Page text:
Certain Vaccines in Children with Polyarticular JIA Maintain Effectiveness on Orencia, Study Finds

Certain Vaccines in Children with Polyarticular JIA Maintain Effectiveness on Orencia, Study Finds
0
(0)

Young children with polyarticular juvenile idiopathic arthritis (pJIA) maintained effective vaccination against diphtheria and tetanus even after starting treatment with Orencia (abatecept) for up to two years, according to a study.

These results come from a substudy of a Phase 3 clinical trial (NCT01844518), which evaluated the efficacy and safety of subcutaneous (under-the-skin) treatment with Orencia in children with active pJIA.

The study, “Maintenance of antibody response to diphtheria/tetanus vaccine in patients aged 2–5 years with polyarticular-course juvenile idiopathic arthritis receiving subcutaneous abatacept,” was published in the journal Pediatric Rheumatology.

Patients with pJIA are often on immunosuppressive medications that put them at higher risk for infections that can be prevented with vaccines, such as diphtheria and tetanus. Because the immune system of very young children is actively developing, their responses to the vaccines may be compromised due to such therapies.

Orencia — marketed by Bristol Myers Squibb — works by blocking the activation of T-cells, an essential component of the immune system responsible for mounting a widespread immune response. Preventing T-cells from becoming fully activated is intended to decrease the likelihood they will mistake one’s own cells as “foreign.”

So far, Orencia has proven effective and well tolerated as a subcutaneous medication among children ages 2–17 and as either a subcutaneous or intravenous (into-the-vein) medication among patients ages 6–17. However, no studies have investigated the effects of Orencia on vaccination in very young children with JIA.

The study, funded by Bristol Myers Squibb, analyzed 29 children ages 2–5, with active pJIA and inadequate response or intolerance to at least one disease-modifying anti-rheumatic drug. Most (19) were on Orencia for more than one year, one child was on treatment between six and 12 months, and the remaining nine for two to six months.

They received weekly subcutaneous Orencia for four months, with dosage based on body weight — 50 mg for those weighing 10–24 kg (22–53 pounds), and 87.5 mg for children between 25 and 49 kg (55–108 pounds). Those who achieved 30% improvement at four months, as measured by JIA-American college of Rheumatology criteria, could continue on Orencia for 20 more months. To achieve this goal, JIA patients need to have clinical benefits in at least three variables, including disease activity, overall well-being (assessed by patients or caregivers), functional ability, number of joints with active disease/limited range of motion, and inflammation.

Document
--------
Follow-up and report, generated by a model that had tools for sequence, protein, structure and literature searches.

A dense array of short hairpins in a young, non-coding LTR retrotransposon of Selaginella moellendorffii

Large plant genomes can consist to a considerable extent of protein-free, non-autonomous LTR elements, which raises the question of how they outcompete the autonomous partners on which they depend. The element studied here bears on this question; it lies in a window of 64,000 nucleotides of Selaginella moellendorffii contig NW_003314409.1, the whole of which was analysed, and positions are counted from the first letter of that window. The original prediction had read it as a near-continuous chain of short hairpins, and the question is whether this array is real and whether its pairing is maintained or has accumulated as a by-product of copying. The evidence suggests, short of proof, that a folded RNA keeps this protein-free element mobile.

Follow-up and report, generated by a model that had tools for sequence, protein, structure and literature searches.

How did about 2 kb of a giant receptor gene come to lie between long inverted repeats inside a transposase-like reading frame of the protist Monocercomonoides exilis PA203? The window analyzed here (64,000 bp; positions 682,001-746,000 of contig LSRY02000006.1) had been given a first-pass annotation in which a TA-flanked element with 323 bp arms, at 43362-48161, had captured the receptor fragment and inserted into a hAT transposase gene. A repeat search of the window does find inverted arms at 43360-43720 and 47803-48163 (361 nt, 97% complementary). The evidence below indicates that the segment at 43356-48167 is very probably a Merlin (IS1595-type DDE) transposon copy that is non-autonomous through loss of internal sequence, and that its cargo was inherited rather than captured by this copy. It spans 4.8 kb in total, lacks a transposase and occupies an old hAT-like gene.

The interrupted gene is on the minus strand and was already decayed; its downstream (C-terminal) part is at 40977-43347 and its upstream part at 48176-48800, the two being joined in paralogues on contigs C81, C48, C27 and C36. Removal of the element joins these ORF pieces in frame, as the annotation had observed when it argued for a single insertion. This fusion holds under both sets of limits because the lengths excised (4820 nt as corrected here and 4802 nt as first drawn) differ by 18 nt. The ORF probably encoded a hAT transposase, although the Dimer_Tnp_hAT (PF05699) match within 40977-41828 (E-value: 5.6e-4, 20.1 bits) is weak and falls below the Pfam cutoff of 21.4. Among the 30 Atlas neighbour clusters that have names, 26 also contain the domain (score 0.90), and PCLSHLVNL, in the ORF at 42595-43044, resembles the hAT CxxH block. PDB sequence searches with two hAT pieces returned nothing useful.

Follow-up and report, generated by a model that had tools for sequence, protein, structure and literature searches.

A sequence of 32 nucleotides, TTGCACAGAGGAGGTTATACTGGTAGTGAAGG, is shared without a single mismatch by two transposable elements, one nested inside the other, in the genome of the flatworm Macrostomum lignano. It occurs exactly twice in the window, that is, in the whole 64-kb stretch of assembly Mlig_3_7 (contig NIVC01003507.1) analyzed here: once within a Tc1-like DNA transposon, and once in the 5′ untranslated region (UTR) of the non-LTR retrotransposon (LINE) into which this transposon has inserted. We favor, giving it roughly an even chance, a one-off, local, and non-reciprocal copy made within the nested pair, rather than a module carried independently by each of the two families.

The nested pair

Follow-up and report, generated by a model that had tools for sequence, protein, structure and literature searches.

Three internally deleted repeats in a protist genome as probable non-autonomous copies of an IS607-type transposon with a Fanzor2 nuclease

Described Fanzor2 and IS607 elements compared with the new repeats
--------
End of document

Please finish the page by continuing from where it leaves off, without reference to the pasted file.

Children could continue on methotrexate and low-dose oral corticosteroids, but not on TNF inhibitors.

Results showed that all children had protective antibodies to tetanus after two or more months on Orencia. Of the 29 children, 26 (86.7%) also had protective antibodies against diphtheria. The remaining three patients had anti-diphtheria antibodies that bordered the lower end of the protection threshold.

In addition, using methotrexate and/or low-dose corticosteroids while taking Orencia had no effect on antibody levels. No unexpected side effects, including cases of diphtheria or tetanus, occurred during the two-year period.

“These results show that [sucutaneous Orencia] does not prevent the maintenance of protective antibody levels against tetanus and diphtheria, even if the booster dose was not administered recently,” the scientists wrote.

While encouraging, the team said these results should be interpreted with caution. Because vaccinations occurred before the trial, it was impossible to know whether the three children with borderline protective antibodies had ever had protective levels following vaccination, nor to know the rate at which these levels decreased.

In addition, the group of participants was small and homogeneous, with all children being white, which limits the application of the findings to other populations.

Forest Ray received his PhD in systems biology from Columbia University, where he developed tools to match drug side effects to other diseases. He has since worked as a journalist and science writer, covering topics from rare diseases to the intersection between environmental science and social justice. He currently lives in Long Beach, California.
Total Posts: 11

José holds a PhD in Neuroscience from Universidade of Porto, in Portugal. He has also studied Biochemistry at Universidade do Porto and was a postdoctoral associate at Weill Cornell Medicine, in New York, and at The University of Western Ontario in London, Ontario, Canada. His work has ranged from the association of central cardiovascular and pain control to the neurobiological basis of hypertension, and the molecular pathways driving Alzheimer’s disease.

×
Forest Ray received his PhD in systems biology from Columbia University, where he developed tools to match drug side effects to other diseases. He has since worked as a journalist and science writer, covering topics from rare diseases to the intersection between environmental science and social justice. He currently lives in Long Beach, California.
Latest Posts
  • Orencia and vaccines
  • Ilaris treatment discontinuation

How useful was this post?

Click on a star to rate it!

Average rating 0 / 5. Vote count: 0

No votes so far! Be the first to rate this post.

As you found this post useful...

Follow us on social media!

We are sorry that this post was not useful for you!

Let us improve this post!

Tell us how we can improve this post?